Author Archive

A non-allocating std::future/promise

Wednesday, May 23rd, 2012

std::future and std::promise are two ends of a single-item queue. A typical implementation has the future and the promise sharing a 3rd struct that is the queue. Typically via a shared_ptr. Is this 3rd wheel necessary? Wouldn’t it be nice if the allocation could be avoided, and instead, all the bookkeeping was in the future and promise?

Well, it would be nice, but is it possible? Note that each object may be moved or destroyed at any time – how can they communicate (for example, commit the result, or wake a thread waiting on the result, etc) when each may have moved or be moving? How can they track each other? If each has a pointer to the other, the pointers would become invalid (on move, delete), and it would not be safe for one side to update the other. The shared 3rd wheel seems safest.

If we had a lock (eg, a mutex) we could grab the lock before a move/destruction and update the other’s state. ie in the future‘s implementation of a move-constructor, it could obtain the lock, update the promise‘s pointer to the future, complete the move, then release the lock. Similarly, the promise would also grab the lock whenever it needed to read/write the future. But where is the lock? If it was, for example, in the future, then the promise would need to traverse its pointer before grabbing the lock, defeating the purpose. Also, std::mutex is not movable, so it can’t be placed inside either the future nor the promise as those both are movable.

One answer, that is mostly non-allocating, would be to have a cache of mutexes available for the future/promise pairs to use. You would need a way to ensure they both get the same mutex out of the cache, whenever a mutex was needed. ie if the promise wants to write the result into the future, it goes to the mutex-cache hands it an ID (possibly the address of the promise), and locks the returned mutex before writing the result. Meanwhile, if the future wants to move, it also goes to the mutex-cache, gives it the same ID, gets the same mutex, and finds that it needs to wait for the mutex to become available.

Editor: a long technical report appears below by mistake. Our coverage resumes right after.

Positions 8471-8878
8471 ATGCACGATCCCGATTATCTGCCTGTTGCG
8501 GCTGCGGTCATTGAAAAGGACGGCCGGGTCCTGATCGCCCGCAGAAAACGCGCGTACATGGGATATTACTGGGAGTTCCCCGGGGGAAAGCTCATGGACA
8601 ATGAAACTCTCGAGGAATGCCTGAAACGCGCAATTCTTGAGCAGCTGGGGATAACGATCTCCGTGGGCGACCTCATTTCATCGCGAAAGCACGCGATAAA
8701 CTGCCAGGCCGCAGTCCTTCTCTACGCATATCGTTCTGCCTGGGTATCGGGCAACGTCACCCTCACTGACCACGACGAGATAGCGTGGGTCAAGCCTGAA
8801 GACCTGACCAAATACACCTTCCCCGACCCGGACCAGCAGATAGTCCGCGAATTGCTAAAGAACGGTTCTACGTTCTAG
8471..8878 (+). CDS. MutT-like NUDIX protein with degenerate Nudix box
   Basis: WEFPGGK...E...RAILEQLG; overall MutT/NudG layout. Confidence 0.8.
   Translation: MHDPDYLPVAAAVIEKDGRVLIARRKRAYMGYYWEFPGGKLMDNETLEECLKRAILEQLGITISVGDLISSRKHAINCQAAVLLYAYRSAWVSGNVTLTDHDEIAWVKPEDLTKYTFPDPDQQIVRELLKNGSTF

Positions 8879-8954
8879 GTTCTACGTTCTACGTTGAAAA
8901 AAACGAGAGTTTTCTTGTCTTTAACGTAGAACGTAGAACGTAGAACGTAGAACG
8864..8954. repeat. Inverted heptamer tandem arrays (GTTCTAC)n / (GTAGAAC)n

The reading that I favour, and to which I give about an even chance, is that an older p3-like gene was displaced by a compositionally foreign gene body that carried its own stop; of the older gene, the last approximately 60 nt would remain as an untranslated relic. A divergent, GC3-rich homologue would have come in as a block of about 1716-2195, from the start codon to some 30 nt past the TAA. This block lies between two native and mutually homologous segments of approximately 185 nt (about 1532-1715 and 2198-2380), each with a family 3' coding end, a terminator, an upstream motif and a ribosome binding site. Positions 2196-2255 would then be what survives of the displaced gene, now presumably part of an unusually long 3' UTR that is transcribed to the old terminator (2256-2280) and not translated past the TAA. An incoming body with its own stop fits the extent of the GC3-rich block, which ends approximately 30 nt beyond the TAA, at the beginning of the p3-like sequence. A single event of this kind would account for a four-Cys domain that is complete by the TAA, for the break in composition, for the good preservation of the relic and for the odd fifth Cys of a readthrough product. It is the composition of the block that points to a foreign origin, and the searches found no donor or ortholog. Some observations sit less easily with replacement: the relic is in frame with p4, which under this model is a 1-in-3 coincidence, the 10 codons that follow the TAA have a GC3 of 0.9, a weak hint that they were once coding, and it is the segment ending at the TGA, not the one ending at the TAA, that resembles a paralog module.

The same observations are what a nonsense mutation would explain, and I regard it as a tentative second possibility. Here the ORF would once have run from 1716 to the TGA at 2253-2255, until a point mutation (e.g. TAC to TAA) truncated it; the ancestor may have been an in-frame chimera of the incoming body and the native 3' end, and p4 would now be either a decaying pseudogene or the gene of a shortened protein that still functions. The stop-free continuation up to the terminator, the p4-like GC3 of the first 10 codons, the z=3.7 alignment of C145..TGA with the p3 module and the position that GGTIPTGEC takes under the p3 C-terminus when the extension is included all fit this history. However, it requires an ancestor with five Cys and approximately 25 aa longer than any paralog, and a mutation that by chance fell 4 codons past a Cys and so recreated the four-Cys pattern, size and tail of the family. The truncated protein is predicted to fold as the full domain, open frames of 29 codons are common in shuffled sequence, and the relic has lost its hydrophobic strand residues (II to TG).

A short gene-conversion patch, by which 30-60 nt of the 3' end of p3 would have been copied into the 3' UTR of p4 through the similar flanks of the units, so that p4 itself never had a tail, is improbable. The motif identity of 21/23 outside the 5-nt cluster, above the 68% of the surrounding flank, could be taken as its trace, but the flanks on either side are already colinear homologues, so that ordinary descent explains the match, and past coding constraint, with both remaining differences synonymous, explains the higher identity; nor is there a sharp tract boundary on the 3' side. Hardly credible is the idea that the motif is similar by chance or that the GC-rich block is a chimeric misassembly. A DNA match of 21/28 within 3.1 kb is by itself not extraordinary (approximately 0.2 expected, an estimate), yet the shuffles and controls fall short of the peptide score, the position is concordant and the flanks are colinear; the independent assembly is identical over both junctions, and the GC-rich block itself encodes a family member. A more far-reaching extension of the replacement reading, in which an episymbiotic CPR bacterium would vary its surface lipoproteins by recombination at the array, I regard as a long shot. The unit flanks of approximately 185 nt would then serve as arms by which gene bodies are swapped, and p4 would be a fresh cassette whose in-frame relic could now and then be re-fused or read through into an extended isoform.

The only problem with this answer is what happens when we run out of mutexes in the cache? Two options – either allocate some more mutexes, or re-use currently in-use mutexes. Allocating more works fine, but does mean our future/promise is no longer non-allocating, just mostly non-allocating. Re-using an in-use mutex is an interesting idea. Since the mutex is only locked for ‘small’ actions, like moving the future (which in our scenario is only a few pointers), there would seem to be no problem. HOWEVER, we need to lock the mutex while we move the result into the future. And the result is of type T – ie anything. Does T’s move operator also grab a lock? Does it depend on another future/promise? Does it grab a lock the leads to a chain of dependencies that leads to another promise/future that is colliding/deadlocking on the same from-the-cache mutex? Highly unlikely, but possible. Which is the worst kind of bug – almost impossible to track down, particularly for a user who doesn’t even know that promise/futures could deadlock with each other via an implementation detail. So sharing mutexes cannot be allowed…

Do we need the mutex-cache at all. Short answer: no. Read on…

structure of non-allocating future/promise

So the future on the left has a pointer to the promise on the right, and vice-versa.
But we need to be careful before following a pointer, as the other side may be moving or in mid-destruction. How do we synchronize?